Ah, springtime -- flowers are blooming, birds are singing...vicious, slut-shaming lists are being written?
It's been about a year since the last "Senior List" was passed around the halls of Ladue Horton Watkins High School. Next to the name of seven graduating senior girls was an insult -- some for sexual promiscuity, one for being an "alcoholic" and getting DUIs, another for having bad teeth.
This year, after one mom helped launch an investigation by the U.S. Department of Education's Office of Civil Rights, the district is hoping the list is dead.
"I think everyone has their fingers crossed that the kids are smart enough to know this is not OK," says Susan Dielmann, the Ladue District's director of communications.
After Ruth Ahlemeier's daughter found her name on the 2012 list, the Ladue business-owner began a months-long correspondence with the school, trying to find out why her daughter was allegedly told there was "nothing much the school can do." Two junior boys responsible for the list were ultimately punished, but Ahlemeier told Daily RFT at the time that the district was giving her the brush-off. She decided to file a formal complaint with the Kansas City Office of Civil Rights.
"Ladue was a little bit in denial," says Ahlemeier today. "Once the Office of Civil Rights got involved, Ladue started really cooperating and realizing they needed to make a change."
On March 20, Ahlemeier received a letter from the OCR telling her the investigation was complete and that an agreement had been reached with the district to address her charge that the school "discriminated against your daughter and other female students on the basis of sex by allowing them to be subjected to a sexually hostile environment at the high school and failing to take prompt and effective action to remedy sexual harassment."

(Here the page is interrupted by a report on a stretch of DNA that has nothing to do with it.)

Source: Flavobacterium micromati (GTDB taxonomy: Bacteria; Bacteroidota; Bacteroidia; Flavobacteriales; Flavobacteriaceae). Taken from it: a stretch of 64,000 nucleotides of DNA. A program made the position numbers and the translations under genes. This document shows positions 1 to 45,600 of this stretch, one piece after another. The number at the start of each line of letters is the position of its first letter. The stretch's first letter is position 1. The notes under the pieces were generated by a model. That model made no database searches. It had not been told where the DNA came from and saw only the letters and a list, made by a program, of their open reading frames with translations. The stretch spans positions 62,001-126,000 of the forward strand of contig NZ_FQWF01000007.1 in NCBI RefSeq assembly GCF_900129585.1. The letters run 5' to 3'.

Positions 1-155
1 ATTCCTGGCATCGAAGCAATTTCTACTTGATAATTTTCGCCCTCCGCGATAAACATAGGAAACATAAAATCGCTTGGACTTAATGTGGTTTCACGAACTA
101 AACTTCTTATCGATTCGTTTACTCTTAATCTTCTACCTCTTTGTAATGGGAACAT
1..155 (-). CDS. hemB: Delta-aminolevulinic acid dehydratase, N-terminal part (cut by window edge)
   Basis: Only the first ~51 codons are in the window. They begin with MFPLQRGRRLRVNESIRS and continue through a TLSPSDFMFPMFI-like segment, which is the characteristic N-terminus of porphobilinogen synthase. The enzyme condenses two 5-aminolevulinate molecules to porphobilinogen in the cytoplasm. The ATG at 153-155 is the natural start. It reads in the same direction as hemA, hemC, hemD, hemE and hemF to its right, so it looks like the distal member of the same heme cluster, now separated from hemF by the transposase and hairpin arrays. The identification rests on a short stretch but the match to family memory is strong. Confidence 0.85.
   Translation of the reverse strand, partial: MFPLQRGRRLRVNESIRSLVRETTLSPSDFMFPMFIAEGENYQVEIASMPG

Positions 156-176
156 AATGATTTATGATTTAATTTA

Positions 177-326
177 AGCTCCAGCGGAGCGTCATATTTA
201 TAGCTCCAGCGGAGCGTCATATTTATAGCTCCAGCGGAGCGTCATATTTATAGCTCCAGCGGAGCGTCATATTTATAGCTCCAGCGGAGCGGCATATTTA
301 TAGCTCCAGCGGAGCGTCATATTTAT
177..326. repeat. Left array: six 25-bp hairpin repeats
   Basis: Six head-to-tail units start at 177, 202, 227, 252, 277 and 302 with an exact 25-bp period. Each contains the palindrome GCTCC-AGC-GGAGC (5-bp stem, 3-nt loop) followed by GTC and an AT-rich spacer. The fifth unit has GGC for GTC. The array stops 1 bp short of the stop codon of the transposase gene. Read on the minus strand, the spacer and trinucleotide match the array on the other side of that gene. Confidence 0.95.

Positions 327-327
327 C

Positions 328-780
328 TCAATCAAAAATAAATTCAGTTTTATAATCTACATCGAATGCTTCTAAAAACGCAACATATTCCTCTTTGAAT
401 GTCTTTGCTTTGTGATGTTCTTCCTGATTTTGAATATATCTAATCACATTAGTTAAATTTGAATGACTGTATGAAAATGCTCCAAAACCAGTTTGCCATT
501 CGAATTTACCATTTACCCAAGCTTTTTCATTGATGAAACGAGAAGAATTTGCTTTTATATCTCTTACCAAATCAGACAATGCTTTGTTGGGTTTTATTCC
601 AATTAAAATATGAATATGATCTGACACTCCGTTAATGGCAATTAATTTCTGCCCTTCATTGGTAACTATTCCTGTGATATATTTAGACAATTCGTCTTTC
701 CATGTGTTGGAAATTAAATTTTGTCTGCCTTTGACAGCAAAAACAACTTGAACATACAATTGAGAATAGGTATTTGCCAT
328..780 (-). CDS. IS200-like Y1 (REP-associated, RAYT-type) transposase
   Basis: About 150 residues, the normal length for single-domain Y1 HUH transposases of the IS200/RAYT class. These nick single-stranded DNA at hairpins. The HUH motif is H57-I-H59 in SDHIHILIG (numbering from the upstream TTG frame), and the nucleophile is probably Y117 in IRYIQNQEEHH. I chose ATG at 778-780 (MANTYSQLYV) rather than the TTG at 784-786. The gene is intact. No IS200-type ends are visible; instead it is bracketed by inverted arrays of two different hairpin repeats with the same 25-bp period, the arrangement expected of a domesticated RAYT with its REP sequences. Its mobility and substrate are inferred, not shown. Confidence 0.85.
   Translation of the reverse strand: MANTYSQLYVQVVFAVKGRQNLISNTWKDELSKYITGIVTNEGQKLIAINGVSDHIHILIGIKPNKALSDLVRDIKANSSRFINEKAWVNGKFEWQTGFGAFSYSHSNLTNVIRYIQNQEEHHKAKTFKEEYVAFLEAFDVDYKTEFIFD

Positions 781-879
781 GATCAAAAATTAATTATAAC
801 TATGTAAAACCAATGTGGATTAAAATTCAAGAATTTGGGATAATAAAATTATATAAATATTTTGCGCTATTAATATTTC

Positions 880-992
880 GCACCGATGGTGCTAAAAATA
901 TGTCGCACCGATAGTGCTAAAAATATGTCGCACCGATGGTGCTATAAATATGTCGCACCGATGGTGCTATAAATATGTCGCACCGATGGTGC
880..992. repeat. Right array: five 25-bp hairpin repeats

Continue for the full terms of the agreement between Ladue and the Department of Education.
The "voluntary agreement" with Ladue stipulates that the district will offer counseling to the girls named in the 2012 list, issue a statement in the district newsletter warning students about the possibility of suspension or expulsion for creating a "hostile environment based on sex," offer sexual harassment training to the students and administrators, and establish a student committee to "provide a forum for students to discuss matters concerning discrimination or harassment on the basis of sex." The full text of the agreement is posted below.
"We have been working diligently all year on this," says Dielmann. "We've put in place a lot of anti-bullying programs."
While Dielmann takes issue with the way the list has been portrayed in the media ("I think there's a little exaggeration going on, that this is a tradition. Over the course of some years it happened, some years it doesn't, some years it's boys, and some years it's teachers,") she says the students are now "well-versed" when it comes to understanding why the list-making has to stop.
Ahlemeier says she is pleased with the result of the investigation and that she's now putting her efforts behind the anti-bullying bill currently making its way through the state legislature, House Bill 134. The law would require all Missouri schools to have an anti-bullying policy and a clear procedure for investigating bullying allegations. Read the full language here.
"Not everybody has the time to get the OCR involved," she says. "The kids in the Ladue district are benefiting...all the kids from Missouri could benefit from [HB 134]."
As for her own daughter, Ahlemeier reports she is now a happy college freshman.
Read the whole agreement between the district and the Office of Civil Rights below: